Mason

Well-Known Member
#23
Good point, if there were 30 witnesses you would think more people would have told their side of the story.

The sad thing is in the past Steven Seagal there have been many rumours and strange stories, that sometimes we don't know what is fact and what is fiction.

Personally it makes no difference to myself if he was choked out by another martial artist.
It makes no difference to me either, no matter how good you are eventualy you will meet your match in some style, and there is nothing wrong with that. Some people just like to make up excuses to talk down to Seagal, thats the sad thing about it all.
 
#24
It makes no difference to me either, no matter how good you are eventualy you will meet your match in some style, and there is nothing wrong with that. Some people just like to make up excuses to talk down to Seagal, thats the sad thing about it all.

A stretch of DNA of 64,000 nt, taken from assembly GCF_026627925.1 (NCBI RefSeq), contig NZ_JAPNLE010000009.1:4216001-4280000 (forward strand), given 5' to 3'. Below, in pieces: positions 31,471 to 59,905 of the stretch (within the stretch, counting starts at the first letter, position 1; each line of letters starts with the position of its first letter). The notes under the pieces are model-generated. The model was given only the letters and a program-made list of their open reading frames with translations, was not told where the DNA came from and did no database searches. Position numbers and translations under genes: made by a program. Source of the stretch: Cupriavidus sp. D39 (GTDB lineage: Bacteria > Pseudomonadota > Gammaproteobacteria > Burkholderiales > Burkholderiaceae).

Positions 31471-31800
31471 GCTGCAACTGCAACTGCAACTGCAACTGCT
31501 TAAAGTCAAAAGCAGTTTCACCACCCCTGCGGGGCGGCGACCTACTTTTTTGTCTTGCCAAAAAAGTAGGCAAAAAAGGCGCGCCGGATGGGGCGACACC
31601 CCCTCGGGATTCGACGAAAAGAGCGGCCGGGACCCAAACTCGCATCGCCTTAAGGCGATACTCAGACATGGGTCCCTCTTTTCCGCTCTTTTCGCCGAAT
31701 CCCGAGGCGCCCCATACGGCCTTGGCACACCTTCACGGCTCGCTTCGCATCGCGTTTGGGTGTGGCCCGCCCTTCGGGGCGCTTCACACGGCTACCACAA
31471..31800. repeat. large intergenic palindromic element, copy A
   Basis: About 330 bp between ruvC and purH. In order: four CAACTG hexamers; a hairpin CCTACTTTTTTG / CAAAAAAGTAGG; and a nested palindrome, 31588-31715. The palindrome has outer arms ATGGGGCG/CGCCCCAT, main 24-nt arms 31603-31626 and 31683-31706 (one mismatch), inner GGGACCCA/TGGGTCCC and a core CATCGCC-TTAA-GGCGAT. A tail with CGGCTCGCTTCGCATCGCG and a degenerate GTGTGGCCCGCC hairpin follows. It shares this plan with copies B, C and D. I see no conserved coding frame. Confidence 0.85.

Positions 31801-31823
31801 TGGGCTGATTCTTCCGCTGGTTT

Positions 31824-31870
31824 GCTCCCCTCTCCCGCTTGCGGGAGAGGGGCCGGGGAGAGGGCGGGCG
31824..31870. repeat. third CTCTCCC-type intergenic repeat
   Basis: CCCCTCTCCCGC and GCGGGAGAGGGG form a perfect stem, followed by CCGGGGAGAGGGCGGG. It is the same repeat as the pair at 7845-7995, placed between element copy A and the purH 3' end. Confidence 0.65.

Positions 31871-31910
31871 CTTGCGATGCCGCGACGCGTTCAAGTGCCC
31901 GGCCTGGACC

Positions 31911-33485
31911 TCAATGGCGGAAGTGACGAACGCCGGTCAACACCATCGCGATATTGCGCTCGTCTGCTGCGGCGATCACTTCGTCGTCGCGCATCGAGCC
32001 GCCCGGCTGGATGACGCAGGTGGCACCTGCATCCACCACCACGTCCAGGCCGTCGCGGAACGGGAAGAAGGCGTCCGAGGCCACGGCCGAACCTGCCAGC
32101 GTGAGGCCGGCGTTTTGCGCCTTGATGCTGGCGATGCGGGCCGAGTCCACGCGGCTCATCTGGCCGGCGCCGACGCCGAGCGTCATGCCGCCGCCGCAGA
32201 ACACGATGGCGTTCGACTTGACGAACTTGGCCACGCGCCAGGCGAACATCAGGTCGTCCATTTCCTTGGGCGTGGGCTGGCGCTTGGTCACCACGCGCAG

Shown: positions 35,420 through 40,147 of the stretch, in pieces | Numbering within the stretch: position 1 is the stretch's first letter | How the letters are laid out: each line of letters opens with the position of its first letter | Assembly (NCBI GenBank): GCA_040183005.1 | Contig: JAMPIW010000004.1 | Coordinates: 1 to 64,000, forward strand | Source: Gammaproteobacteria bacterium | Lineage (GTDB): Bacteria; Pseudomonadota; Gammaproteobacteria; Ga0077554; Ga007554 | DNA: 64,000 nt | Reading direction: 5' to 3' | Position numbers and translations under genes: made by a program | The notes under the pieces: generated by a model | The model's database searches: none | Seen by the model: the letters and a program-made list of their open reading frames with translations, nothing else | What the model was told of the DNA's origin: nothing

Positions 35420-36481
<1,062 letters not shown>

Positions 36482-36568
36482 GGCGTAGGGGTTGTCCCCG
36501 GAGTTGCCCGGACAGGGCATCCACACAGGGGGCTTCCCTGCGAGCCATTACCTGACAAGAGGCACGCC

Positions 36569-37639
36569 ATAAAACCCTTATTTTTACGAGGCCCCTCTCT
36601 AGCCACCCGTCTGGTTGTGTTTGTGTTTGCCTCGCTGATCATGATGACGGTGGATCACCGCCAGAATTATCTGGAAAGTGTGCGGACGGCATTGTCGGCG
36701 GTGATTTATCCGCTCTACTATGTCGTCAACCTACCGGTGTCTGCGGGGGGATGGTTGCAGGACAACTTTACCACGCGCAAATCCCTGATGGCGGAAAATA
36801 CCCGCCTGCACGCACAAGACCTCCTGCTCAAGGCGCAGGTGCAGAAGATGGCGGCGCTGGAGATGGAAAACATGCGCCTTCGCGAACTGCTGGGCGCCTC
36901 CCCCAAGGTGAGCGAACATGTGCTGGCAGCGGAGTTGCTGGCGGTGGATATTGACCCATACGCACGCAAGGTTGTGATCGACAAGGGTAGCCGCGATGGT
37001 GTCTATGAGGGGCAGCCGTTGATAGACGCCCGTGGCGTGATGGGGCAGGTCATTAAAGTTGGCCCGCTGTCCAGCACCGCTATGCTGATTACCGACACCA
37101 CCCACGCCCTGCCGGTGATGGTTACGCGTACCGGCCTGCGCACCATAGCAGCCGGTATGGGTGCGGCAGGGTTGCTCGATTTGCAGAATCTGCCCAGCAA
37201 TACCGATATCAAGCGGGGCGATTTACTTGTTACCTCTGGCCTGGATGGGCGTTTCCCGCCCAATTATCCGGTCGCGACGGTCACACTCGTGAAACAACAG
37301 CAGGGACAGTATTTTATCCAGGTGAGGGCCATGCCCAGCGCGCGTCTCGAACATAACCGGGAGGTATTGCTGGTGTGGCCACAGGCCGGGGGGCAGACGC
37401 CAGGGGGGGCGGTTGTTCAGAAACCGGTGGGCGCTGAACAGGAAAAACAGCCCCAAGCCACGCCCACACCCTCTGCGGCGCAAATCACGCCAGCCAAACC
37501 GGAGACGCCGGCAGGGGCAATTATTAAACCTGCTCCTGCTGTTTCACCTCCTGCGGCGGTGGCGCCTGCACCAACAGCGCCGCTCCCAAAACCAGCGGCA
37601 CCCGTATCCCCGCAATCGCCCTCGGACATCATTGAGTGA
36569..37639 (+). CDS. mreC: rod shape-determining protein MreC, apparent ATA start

Thanks for the comments. those are worth of noting.
 
#27
If you don't like it here, then leave. It's not up to you at all how people choose to respond.
It's a shame that I clicked the reply button in the wrong post and caused an over smart dude mistaking I was replying to him.

Nevertheless, it's intriguing where you got the idea that I'm trying to manipulate others to respond in the way I expect.

I just meant that I agreed with the point that people always take fictions as facts, which was discussed earlier in this thread.
 

Mason

Well-Known Member
#28